I saw E twice last week, and we spent the better part of both sessions thinking about how I might make group therapy more meaningful for me. As I wrote earlier, I left after Monday’s session with the task of finding words I might use to ask the others in the group to step back and look at the issues in their lives from a meta perspective, or perhaps to take a deeper dive into their emotions.
It wasn’t terrible, what I came up with. But it wasn’t good either.
When I see E again on Wednesday afternoon, I tell her that I don’t feel right asking the others to behave differently.
“I can’t think of a single way to say it that won’t cause some of them to scold themselves for doing group ‘wrong,’ and I just don’t want to do that to them,” I explain. I tell her exactly who in the group I think might do that, and she doesn’t disagree.
“So what’s your plan then?” she asks. She has that half-frown on her face; I can tell she’s wondering if I’m just going to give up on group after all. “I am willing to help you get what you want, but I feel like I shouldn’t do for you what you can do for yourself.”
“I think I can try something myself. As I was driving over here today, I realized, finally, what was bothering me about anything I thought about saying It’s just not reasonable to just ask them to do group differently,” I tell her. “but instead it seems more fair if I change my own behavior in group. If I dive in deeper myself–and honestly, I haven’t said all that much about myself, because I have thought my issues weren’t a good fit with what they talk about. But if I just go where I’d ideally like to, they will know what I mean by deeper. Then they can choose to follow along with me–or not, depending on how it feels to them.”
E nods and asks me what I might talk about.
“Well, as you know, my two big issues these days are my sexual relationship to my husband and my early attachment wounds. I am not going to talk about my attachment to you in front of the group–just too weird. And I’m not prepared to describe everything about the sexuality work. But I was thinking about what I might say. Do you want to hear it?”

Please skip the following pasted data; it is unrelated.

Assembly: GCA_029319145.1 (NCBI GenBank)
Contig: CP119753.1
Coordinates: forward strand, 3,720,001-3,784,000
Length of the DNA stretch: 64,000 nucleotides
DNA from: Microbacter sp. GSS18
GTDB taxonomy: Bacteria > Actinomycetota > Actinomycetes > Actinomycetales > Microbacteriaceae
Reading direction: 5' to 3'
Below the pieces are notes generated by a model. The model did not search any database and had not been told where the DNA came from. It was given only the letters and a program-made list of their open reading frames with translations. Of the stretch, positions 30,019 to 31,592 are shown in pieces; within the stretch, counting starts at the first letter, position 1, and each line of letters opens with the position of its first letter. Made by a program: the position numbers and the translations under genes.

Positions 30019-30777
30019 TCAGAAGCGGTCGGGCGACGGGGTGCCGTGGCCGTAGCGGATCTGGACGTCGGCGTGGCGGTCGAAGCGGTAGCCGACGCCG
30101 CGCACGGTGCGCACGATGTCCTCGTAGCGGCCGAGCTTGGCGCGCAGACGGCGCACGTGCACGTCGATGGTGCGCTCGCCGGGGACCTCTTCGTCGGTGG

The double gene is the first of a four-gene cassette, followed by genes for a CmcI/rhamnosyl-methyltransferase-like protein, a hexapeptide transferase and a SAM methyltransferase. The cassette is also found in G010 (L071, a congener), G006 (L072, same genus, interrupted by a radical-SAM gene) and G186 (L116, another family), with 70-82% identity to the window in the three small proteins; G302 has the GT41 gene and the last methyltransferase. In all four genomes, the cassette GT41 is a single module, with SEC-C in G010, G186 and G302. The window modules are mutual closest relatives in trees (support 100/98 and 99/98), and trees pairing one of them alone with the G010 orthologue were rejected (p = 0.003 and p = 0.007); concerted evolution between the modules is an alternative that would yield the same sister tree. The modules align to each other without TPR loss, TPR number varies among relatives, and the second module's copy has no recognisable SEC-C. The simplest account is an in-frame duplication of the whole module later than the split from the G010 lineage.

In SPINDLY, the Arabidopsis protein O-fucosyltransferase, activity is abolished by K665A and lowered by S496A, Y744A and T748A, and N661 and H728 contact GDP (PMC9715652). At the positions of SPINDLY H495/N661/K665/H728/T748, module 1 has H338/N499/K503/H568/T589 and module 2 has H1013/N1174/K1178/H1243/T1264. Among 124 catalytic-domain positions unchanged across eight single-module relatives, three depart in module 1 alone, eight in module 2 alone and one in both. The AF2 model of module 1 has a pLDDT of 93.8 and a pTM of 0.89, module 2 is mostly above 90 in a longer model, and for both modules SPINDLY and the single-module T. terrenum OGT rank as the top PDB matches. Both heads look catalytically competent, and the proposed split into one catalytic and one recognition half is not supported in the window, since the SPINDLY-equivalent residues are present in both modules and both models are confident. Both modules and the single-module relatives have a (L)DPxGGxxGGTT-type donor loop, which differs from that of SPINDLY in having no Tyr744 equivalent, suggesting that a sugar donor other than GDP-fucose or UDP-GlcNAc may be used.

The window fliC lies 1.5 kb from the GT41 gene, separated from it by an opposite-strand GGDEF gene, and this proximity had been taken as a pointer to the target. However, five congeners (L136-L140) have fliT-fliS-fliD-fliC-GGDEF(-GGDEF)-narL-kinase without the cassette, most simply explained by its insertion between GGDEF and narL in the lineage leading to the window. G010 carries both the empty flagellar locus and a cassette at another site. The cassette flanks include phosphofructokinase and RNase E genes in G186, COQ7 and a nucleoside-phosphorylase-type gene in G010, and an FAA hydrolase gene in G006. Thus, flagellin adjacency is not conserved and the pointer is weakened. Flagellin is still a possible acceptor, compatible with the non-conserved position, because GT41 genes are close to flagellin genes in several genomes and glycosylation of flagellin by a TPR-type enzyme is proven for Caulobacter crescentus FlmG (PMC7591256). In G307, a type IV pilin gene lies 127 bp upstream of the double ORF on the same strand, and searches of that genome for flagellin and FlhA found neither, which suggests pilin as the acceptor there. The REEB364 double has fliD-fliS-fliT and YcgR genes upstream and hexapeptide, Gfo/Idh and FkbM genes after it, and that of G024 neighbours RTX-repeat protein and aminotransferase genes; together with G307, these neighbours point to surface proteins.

Of course she does.
“I can tell them that I have been going to a sex therapist because I have a history of abuse and trauma that interferes with me being emotionally present in my sexual relationship with my husband. In this therapy, we focus a lot on my ability to be present in my body and simply notice sensations. We also have talked a lot about consent and my ability to stop things whenever I want to or need to. My husband has come to a few sessions, and he’s completely on board with this, as well as very patient and understanding.”
“So I have homework between session, which is generally some version of the same thing: arrange for time when my husband and I can be together, without distractions, and simply touch one another in a pleasurable way. It can lead to intercourse or orgasms, or not; that’s not the point. The point is simply for me to pay attention to my physical, mental and emotional reactions, to ask for something if I feel like it, or to stop the whole thing at any point.”